Karen M. Hansen’s environmental law practice focuses on the Clean Water Act and state programs for regulating and permitting water discharges and water supply/use.  She has extensive experience assisting industrial and municipal clients in preparing strategies for and pursuing water permits for ongoing operations, expansions and new operations, including permit challenges. Ms. Hansen also represents clients that must defend CWA and state water law enforcement actions, including claims pursued by governmental as well as third party entities. She recently led a multi-year, complex negotiation of a consent decree for the San Antonio Water System, which was targeted for sewer overflow reductions under EPA's national "wet weather" enforcement initiative. Ms. Hansen advises clients on business strategies related to increasing water scarcity, and counsels clients on emerging trends in water quality programs, including initiatives such as watershed-based permitting, TMDLs, trading and allocation, and land-based impacts on coastal and ocean resources.  She also has extensive experience assisting clients with conducting compliance audits and managing related disclosures, and with developing and implementing management systems for environmental compliance.

W Parker Moore, Environmental Lawyer, Beveridge & Diamond Law firm

Parker dedicates his practice to successful project development. He helps clients nationwide from every economic sector navigate issues arising under the Clean Water Act (CWA), the Endangered Species Act (ESA), the National Environmental Policy Act (NEPA), the Migratory Bird Treaty Act (MBTA) and related environmental laws.  He also defends clients against agency enforcement actions and citizen suits, applying his substantive knowledge of natural resources law and project development to craft creative, sound and successful legal strategies. He co-chairs B&D’s...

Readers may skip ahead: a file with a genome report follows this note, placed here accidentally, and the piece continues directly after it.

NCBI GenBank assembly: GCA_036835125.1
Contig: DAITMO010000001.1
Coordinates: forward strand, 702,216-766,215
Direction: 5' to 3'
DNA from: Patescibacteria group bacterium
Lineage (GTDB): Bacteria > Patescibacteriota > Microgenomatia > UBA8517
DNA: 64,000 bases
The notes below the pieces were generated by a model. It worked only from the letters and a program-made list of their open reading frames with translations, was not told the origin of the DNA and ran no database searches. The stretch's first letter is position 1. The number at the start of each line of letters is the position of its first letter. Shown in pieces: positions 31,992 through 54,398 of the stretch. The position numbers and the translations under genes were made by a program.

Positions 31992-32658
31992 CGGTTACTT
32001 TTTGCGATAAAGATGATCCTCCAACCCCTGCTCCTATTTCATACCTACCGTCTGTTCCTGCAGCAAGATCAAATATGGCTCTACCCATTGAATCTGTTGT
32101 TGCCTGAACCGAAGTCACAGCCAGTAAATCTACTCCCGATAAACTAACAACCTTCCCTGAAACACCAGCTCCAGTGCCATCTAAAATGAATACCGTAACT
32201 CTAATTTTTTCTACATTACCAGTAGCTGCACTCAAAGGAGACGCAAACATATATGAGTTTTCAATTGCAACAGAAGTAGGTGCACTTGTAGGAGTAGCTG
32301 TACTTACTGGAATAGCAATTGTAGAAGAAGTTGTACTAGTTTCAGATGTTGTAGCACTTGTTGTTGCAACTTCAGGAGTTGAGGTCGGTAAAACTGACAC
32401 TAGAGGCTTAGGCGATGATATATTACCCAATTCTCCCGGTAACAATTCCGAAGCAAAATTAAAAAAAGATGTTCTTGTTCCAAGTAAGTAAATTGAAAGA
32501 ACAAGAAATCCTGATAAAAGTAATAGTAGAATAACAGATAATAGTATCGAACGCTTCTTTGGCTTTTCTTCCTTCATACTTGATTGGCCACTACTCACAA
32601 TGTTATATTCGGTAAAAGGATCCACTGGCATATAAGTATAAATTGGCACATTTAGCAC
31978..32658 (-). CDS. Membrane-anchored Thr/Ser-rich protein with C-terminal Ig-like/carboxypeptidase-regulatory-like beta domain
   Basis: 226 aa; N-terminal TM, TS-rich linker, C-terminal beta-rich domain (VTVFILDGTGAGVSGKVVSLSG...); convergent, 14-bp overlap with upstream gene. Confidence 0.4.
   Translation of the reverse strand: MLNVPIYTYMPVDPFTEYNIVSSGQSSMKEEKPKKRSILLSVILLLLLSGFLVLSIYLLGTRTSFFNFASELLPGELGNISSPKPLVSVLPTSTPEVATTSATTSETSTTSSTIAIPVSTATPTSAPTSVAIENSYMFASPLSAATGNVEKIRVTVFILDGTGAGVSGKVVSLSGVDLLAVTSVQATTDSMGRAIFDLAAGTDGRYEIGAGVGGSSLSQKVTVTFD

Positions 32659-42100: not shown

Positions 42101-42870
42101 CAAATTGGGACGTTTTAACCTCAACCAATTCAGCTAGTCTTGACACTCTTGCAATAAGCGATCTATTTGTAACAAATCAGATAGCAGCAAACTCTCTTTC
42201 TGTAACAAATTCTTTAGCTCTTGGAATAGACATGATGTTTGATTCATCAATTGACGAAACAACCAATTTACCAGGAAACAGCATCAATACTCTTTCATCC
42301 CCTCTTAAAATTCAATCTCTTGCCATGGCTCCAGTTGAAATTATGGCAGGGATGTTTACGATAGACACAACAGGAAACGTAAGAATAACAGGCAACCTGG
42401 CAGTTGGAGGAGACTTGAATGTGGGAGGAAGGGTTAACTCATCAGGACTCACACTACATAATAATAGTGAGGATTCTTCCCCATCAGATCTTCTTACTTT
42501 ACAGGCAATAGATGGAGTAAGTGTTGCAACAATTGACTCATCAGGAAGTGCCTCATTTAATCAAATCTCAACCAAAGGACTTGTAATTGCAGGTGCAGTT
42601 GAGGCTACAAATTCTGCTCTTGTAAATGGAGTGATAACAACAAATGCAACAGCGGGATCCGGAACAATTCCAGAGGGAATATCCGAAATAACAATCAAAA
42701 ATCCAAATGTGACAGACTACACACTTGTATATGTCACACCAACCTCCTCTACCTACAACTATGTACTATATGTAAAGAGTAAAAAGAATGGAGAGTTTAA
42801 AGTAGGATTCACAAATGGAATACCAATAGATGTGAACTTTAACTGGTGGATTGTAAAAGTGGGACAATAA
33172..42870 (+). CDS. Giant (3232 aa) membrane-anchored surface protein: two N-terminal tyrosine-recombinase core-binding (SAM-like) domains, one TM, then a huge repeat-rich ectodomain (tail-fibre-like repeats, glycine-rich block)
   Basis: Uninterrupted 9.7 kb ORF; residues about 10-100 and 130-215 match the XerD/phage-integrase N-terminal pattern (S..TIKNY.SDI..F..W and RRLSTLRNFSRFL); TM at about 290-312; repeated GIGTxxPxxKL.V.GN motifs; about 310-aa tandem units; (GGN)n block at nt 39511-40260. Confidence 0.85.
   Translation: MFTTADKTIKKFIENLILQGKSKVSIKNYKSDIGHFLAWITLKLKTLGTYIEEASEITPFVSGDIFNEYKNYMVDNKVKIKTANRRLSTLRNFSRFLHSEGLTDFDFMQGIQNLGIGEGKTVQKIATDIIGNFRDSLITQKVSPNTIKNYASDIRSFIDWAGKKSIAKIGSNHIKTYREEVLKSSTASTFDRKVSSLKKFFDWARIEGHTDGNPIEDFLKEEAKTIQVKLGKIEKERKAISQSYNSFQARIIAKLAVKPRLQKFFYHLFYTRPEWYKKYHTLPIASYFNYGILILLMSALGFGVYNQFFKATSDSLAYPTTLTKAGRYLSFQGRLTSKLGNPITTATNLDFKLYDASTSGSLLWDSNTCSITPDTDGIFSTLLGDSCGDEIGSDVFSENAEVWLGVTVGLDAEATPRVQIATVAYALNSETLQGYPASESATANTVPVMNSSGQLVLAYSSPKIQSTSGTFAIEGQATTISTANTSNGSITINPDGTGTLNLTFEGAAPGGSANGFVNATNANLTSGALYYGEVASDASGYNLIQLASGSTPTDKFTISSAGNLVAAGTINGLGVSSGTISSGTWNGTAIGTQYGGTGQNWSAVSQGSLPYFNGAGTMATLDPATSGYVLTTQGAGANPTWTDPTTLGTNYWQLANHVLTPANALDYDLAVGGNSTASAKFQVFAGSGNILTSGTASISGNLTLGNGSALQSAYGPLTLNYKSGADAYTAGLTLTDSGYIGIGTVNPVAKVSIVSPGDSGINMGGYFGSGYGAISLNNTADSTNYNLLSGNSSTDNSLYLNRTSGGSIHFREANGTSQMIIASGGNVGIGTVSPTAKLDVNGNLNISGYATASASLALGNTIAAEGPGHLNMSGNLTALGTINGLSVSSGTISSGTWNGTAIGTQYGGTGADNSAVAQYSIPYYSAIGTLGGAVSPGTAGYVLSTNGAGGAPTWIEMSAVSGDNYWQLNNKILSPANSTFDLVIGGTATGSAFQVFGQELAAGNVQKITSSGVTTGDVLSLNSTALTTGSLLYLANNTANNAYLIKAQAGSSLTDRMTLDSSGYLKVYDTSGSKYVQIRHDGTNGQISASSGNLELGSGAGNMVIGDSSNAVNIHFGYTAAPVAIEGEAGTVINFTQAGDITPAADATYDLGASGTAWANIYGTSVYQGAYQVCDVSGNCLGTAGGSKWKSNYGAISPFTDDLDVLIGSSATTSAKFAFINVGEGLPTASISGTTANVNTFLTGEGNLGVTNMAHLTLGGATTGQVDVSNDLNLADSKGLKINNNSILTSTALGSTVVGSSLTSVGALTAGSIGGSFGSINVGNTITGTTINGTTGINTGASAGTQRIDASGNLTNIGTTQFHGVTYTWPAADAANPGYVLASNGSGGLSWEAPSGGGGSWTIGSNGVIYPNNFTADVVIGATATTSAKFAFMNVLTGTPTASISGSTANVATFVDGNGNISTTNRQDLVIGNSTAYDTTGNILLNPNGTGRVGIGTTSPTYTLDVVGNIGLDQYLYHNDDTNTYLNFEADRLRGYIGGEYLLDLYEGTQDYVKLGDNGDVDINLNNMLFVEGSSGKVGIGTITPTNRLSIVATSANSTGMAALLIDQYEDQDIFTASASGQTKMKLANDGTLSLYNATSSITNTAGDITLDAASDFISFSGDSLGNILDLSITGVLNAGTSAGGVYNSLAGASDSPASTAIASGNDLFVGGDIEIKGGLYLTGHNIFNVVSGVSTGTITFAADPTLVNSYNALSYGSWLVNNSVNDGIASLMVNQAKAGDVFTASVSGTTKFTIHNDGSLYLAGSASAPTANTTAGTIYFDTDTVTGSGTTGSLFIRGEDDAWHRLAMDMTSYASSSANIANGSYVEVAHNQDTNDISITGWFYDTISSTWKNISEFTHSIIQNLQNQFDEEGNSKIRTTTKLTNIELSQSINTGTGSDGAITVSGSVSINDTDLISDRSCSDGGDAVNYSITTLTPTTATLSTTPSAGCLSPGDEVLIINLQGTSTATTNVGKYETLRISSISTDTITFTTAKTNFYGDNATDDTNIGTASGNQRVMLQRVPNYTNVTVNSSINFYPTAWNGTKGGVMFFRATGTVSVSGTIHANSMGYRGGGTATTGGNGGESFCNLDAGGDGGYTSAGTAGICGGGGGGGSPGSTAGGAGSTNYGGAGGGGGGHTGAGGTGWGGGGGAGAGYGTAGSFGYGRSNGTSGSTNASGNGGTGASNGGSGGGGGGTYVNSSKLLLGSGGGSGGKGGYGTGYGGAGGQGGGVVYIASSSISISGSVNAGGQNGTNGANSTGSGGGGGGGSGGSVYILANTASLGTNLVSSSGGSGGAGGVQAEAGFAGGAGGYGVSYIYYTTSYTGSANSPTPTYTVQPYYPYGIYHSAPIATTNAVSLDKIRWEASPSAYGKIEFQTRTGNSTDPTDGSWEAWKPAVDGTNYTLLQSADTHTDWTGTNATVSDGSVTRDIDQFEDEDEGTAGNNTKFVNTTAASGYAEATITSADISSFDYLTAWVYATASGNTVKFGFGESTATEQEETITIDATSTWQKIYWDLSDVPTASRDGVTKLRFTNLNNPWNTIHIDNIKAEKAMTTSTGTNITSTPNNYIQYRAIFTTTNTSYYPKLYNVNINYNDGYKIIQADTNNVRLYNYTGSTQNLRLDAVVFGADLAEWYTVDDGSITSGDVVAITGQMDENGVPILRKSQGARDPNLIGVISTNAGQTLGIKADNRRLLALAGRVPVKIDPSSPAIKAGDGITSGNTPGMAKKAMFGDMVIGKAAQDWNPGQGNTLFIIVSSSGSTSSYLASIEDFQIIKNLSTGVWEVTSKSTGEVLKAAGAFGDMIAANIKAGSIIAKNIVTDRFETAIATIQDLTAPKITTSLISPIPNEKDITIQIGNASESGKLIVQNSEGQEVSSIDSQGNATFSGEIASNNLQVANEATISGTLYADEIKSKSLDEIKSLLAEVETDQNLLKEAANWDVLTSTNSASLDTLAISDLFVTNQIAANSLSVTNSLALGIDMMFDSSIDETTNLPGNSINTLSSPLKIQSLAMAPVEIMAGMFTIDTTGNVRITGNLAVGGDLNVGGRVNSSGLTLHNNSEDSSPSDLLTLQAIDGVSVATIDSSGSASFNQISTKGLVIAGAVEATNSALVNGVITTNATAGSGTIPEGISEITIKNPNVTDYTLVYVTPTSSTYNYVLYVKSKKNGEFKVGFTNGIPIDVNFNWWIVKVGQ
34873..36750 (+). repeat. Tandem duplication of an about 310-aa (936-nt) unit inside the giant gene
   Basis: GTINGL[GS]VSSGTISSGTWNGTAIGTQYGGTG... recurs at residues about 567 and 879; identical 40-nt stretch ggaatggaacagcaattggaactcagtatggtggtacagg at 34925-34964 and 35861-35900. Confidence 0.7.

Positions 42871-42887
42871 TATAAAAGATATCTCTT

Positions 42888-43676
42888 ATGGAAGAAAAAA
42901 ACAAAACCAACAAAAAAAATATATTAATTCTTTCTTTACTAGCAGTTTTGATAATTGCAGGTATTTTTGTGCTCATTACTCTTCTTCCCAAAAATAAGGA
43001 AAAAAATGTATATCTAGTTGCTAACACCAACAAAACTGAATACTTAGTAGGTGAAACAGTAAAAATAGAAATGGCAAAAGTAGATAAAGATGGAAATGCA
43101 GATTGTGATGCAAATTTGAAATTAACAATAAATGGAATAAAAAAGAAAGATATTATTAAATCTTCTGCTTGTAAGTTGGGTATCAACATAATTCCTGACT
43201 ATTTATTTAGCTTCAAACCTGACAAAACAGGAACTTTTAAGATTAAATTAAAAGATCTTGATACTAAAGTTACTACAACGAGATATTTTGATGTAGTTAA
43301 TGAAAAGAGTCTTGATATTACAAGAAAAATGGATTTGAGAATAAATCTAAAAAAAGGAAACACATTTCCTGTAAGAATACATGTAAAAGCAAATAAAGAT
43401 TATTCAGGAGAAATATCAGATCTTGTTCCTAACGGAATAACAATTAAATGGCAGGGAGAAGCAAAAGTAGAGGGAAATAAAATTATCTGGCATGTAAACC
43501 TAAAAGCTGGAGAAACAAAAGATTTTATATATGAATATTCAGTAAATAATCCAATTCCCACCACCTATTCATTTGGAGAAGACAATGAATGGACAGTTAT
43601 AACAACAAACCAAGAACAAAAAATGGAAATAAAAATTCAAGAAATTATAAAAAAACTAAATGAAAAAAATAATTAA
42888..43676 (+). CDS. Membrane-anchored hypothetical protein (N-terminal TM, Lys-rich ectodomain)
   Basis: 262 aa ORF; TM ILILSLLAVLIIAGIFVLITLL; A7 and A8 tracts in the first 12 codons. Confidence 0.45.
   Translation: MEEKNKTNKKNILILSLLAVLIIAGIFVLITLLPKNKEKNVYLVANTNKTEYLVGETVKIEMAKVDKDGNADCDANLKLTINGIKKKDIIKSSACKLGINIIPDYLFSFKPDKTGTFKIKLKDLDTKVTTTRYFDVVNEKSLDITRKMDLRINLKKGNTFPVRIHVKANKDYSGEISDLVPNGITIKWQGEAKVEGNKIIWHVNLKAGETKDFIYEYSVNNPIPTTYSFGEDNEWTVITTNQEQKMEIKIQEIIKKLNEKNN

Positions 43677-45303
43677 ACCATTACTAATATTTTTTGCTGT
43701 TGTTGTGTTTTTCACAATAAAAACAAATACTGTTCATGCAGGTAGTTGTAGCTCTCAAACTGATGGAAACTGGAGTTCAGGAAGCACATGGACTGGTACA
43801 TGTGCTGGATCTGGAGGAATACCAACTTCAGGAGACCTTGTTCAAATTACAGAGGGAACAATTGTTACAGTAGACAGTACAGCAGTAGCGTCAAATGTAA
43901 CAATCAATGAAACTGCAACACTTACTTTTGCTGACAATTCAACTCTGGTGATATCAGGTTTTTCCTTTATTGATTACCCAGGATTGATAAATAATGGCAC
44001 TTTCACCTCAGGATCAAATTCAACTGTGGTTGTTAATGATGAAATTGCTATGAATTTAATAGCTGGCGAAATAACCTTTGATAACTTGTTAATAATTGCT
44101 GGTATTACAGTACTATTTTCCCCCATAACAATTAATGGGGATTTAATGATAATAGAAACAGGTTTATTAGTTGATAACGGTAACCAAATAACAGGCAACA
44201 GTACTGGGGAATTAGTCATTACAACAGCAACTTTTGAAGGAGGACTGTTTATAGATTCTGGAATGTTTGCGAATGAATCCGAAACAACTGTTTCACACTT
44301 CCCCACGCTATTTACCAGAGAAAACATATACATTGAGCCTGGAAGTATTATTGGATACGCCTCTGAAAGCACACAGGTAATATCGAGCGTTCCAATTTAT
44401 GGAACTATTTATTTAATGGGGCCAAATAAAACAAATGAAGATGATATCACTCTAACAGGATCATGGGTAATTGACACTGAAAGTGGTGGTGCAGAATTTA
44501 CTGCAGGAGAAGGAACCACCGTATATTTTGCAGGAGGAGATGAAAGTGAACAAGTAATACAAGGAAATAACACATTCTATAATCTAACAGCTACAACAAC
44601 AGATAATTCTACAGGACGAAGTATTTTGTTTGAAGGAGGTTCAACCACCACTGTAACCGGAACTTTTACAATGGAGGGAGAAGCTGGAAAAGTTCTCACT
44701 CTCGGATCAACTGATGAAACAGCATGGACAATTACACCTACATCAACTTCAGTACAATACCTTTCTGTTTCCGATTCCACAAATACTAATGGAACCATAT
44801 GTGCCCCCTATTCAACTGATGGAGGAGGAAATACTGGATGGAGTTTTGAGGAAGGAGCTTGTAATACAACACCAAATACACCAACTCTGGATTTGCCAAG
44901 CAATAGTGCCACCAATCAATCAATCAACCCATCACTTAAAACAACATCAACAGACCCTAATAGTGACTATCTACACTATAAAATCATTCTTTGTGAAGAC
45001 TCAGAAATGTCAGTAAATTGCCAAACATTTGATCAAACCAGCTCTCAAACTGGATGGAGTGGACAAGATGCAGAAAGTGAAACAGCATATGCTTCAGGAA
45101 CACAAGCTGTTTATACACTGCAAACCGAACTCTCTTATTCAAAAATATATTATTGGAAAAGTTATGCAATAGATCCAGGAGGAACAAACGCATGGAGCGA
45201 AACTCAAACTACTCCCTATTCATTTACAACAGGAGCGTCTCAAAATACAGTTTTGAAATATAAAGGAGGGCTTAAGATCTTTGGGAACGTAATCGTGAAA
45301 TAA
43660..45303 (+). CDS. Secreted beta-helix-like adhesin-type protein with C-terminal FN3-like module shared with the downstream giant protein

Mackenzie Schoonmaker, Environmental Lawyer, Beveridge & Diamond Law Firm

Mackenzie Schoonmaker focuses her practice on litigation and environmental regulatory matters.  Ms. Schoonmaker’s litigation practice includes representing clients in state and federal courts, as well as in data compensation arbitrations under the federal pesticide statute, FIFRA.  Most recently, Ms. Schoonmaker was part of the Firm’s trial team that secured a defense judgment in the District of Columbia Superior Court after a three week trial on tort claims alleging the client supplied corrosive water to apartment buildings.

Timothy Sullivan, Environmental Lawyer, Beveridge & Diamond Law Firm

Tim Sullivan's practice focuses primarily on environmental and natural resources litigation before federal and state courts and adjudicatory bodies. He represents and advises public and private clients in regulatory, litigation, and other matters involving many federal and state environmental and natural resources laws, with a particular emphasis on CERCLA, the Endangered Species Act, and the Clean Water Act. In addition to his work for clients, Mr. Sullivan is also active in state and federal professional activities. He is an adjunct Professor of Law in the...